Applying to Graduate and Professional School

Applying to graduate or professional school can be an interesting, exciting, tedious and overwhelming process, but there are many helpful people and resources at Swarthmore to advise you. Make an appointment with one of Career Services Staff to get started.

Deciding to attend graduate school requires careful thought. Ask yourself:

  • Do I really love the field enough to obtain an advanced degree?
  • Is an advanced degree required to enter a particular profession or advance within the field?
  • Do I have the financial resources to cover the cost of graduate school if I don’t receive enough funding?
  • Am I postponing making a tough decision about a career by going to graduate school?
  • What is the opportunity cost for me?  Will it change over time?

Although approximately 90% of Swarthmore College graduates pursue one or more advanced degrees, only about 20% of the senior  class enrolls  in graduate  programs  immediately  following  graduation.    Most Swarthmore graduates work  before beginning an advanced degree.  There are pros and cons to both choices.

Many students also find it easier to finance graduate school when there are no other major financial pressures in their lives such as marriage, mortgages, and children. Undergraduate loans are typically deferred while you are in graduate school (however the interest will continue to accrue on certain types of loans).  If you are certain about a career path which requires an advanced degree, choosing to go to graduate school right away will allow you to enter the profession sooner than if you took some time off.

If you  decide  to delay  grad  school  admission,  consider  a post- graduate  work-related  fellowship,  a post-graduate  internship,  or a wide range of employment  options  – Career Services and the Fellowships & Prizes office can help.  Furthermore, some graduate programs encourage or even require applicants to have relevant full-time work experience prior to applying (e.g. MPA/MPP, MPH, MBA).

If you hope to begin immediately after graduation, ideally you will begin your  graduate  school  search  in  your junior  year.  Application deadlines for fall admission  will be between November and mid-January  for most competitive  programs. Deadlines to apply for financial aid, including assistantships  and fellowships,  are often  earlier.  Apply (with absolutely all admission materials submitted) at least a full month before the deadline—sooner if possible to increase your chances of acceptance and receiving funding.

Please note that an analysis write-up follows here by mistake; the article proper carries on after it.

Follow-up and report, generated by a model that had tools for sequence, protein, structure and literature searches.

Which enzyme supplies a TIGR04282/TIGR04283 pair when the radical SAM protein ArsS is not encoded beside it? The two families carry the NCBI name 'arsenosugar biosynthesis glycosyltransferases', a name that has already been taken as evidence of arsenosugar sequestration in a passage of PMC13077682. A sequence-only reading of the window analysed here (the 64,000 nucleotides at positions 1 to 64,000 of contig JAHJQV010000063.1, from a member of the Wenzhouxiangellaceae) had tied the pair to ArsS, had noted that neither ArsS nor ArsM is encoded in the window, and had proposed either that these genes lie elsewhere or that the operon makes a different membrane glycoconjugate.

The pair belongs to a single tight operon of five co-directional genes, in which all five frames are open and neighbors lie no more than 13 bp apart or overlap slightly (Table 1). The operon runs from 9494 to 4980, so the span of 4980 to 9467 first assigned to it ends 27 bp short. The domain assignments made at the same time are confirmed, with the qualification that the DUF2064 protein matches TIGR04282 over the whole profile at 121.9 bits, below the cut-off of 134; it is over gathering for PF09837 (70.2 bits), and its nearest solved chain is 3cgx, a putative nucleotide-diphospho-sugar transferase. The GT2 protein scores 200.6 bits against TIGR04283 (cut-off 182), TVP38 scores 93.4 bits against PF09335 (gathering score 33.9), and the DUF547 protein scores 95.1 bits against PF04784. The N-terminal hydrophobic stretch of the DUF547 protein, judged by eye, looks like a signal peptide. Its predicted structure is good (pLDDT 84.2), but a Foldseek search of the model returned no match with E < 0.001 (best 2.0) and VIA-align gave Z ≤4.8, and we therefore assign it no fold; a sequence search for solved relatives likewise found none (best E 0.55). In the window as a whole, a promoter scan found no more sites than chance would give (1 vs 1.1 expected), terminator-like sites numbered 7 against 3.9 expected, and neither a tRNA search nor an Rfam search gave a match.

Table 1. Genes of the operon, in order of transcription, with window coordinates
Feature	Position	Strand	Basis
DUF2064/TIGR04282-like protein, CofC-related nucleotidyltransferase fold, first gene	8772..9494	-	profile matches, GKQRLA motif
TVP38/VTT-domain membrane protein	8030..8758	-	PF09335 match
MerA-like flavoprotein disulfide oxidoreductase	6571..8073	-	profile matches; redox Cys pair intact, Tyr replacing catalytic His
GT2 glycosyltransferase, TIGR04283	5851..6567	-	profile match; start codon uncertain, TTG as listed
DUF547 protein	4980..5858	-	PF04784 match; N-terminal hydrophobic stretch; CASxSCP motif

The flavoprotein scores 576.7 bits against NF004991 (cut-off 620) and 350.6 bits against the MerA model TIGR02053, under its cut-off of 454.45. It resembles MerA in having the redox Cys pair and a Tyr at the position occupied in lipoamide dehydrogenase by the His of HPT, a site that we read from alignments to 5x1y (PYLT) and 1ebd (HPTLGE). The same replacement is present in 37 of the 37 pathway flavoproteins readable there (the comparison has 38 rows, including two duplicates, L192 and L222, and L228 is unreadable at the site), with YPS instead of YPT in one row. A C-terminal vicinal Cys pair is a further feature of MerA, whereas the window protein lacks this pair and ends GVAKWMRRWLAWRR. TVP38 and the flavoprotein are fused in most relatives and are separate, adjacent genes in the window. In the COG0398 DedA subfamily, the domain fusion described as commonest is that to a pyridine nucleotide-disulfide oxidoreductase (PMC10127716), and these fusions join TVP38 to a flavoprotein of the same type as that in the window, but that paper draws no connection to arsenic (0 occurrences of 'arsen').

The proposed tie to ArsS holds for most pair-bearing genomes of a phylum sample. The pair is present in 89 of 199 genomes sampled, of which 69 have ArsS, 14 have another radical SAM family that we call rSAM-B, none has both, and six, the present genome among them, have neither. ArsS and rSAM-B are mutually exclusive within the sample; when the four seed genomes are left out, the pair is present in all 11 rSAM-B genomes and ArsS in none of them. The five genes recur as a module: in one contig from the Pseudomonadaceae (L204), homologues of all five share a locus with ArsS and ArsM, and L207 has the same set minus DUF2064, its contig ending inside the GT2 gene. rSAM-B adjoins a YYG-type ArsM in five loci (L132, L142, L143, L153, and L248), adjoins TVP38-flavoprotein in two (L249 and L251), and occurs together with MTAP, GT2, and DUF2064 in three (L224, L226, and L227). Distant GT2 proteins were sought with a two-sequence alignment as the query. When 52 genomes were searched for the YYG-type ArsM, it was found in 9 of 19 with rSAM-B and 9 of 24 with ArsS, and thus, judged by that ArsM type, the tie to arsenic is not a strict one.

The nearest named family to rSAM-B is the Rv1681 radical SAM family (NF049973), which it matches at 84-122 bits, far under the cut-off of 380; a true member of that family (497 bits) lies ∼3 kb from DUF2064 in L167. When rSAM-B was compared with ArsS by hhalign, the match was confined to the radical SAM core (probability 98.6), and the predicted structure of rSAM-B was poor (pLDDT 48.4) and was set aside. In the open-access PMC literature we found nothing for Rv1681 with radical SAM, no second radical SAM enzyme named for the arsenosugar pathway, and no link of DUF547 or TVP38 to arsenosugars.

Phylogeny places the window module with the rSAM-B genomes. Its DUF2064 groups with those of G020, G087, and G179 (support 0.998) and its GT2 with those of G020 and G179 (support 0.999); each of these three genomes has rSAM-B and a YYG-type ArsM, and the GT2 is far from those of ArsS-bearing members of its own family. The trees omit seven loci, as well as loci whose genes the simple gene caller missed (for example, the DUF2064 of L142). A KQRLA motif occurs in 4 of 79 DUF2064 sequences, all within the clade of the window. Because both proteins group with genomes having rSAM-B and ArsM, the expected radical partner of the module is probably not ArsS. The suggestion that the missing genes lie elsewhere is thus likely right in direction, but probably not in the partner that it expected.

Consider what you need from a program to get the education and skill development you need for your career goals.

• The reputation/rankings of the department from which you hope to earn a degree – departments and programs are often more important than the school.

• The curriculum and types of courses and research required – do they focus on your interests?

• The faculty members in the department and their individual research interests (for PhD programs) – can you connect with a supportive mentor?

• The cost of the degree and types of funding available (grants, fellowships, assistantships)

• Statistics on the types of jobs and careers pursued by their graduates

Start Early! Doing your research on programs and pulling together all your materials can take time. Know all the required materials for each program to apply.

You  will  need  to  provide  each  graduate  school  with  letters  of  recommendation  from  current  and/or  former professors and/or employers.  Typically schools require 3-4 letters.  Many schools provide online forms for your recommenders to complete. In choosing your recommenders, remember that above all, graduate admissions committees are evaluating your potential as a student. This is also true for professional schools; in trying  to choose  between  a professor  and  a former  employer  or supervisor,  most programs prefer letters from professors.